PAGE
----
Reclaim the Night: The Exeter walk demanding safer streets for women

‘We should all feel safe. It’s not a privilege.’

On Thursday 30th November, the annual Reclaim the Night event took place in Exeter. The event enables people to take to the streets across the country, demanding better safety measures for women and a higher awareness of issues of sexual abuse and domestic violence.

The march took place during the 16 days of action, which are between the UN International Day for the Elimination of Violence against women and girls, 25th November and Human Rights Day, 10th December.

Reclaim the Night began in the UK on November 12 1977, where torchlit marches occurred across the country in response to the acts of serial killer Peter Sutcliffe. Since then, the movement has only continued to grow: and there is no doubt that the people of Exeter felt impassioned to share their feelings about women’s safety and protection from male violence.

Exeter University based group Angel Society hosted a placard-making event on campus before the walk, where attendees could create signs to hold on the route.

Hattie, a third year theology and religion student, as well as Society Rep for Angel Society, discussed the importance of speaking out against male violence: “Never assume that a survivor isn’t present and listening and never assume that a rapist isn’t present and feeling validated by rape jokes […] Don’t be a bystander to these conversations and call out your mates.”

Anabelle, a third year history student and Media and Communications Officer for Angel Society, spoke of the event and praised the organisation: “I’ve worked for Urban Angels for two years and it has been a rollercoaster. The highlight is always Reclaim the Night. Last year I went and a week later I was raped. This year was a lot harder to get the courage for but I’m so glad I went.”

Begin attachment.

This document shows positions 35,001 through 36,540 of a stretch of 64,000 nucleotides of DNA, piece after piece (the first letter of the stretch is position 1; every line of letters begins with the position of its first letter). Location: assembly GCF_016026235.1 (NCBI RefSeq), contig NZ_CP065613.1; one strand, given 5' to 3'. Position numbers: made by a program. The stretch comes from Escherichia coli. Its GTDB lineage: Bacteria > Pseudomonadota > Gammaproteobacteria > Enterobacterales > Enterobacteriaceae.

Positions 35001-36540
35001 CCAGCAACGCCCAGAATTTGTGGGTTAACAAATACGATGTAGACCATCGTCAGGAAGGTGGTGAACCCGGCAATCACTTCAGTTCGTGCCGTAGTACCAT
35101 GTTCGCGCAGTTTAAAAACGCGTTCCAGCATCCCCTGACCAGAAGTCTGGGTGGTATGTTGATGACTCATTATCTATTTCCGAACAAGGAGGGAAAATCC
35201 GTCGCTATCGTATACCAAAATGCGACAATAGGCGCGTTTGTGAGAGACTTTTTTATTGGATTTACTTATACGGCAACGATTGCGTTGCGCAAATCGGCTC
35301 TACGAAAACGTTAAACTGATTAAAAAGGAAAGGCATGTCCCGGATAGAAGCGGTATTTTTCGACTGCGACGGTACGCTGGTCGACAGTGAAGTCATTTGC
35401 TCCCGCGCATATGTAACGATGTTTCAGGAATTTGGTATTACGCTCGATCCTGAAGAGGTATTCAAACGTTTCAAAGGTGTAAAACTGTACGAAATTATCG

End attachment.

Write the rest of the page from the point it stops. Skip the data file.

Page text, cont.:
She continued: “I’m not sure what else to say other than we should all feel safe. It’s not a privilege. People need to step up in governments and local establishments, especially schools and universities so that violence against women stops.”

Angel Society, a branch of Urban Angels, advocates for female and non-binary safety within Exeter, and hosts an array of events to increase awareness and create safe spaces on and around campus.

After the placard making, Angel Society ran a walking bus from campus to Sidwell Street, Reclaim the Night journeyed across the city centre punctuated by a series of chants and cheers.

The event finished in Bedford Square with a selection of talks from representatives of The Fawcett Society, the UK’s leading charity campaigning for gender equality and and women’s rights and Trevi, a Plymouth-based women’s charity.

Davina Cull, Chief Executive of Devon Rape Crisis and Sexual Abuse Service, said: “We are marching for a better world; walking together towards an end to sexual violence and all forms of abuse together.”

Reclaim the Night continues to be a hugely relevant and important event to advocate for women’s safety both locally and across the globe, and consider the many women whose lives have been impacted by sexual violence.

You can read Hattie’s story here and Annabelle’s story here.

Related articles recommended by this writer: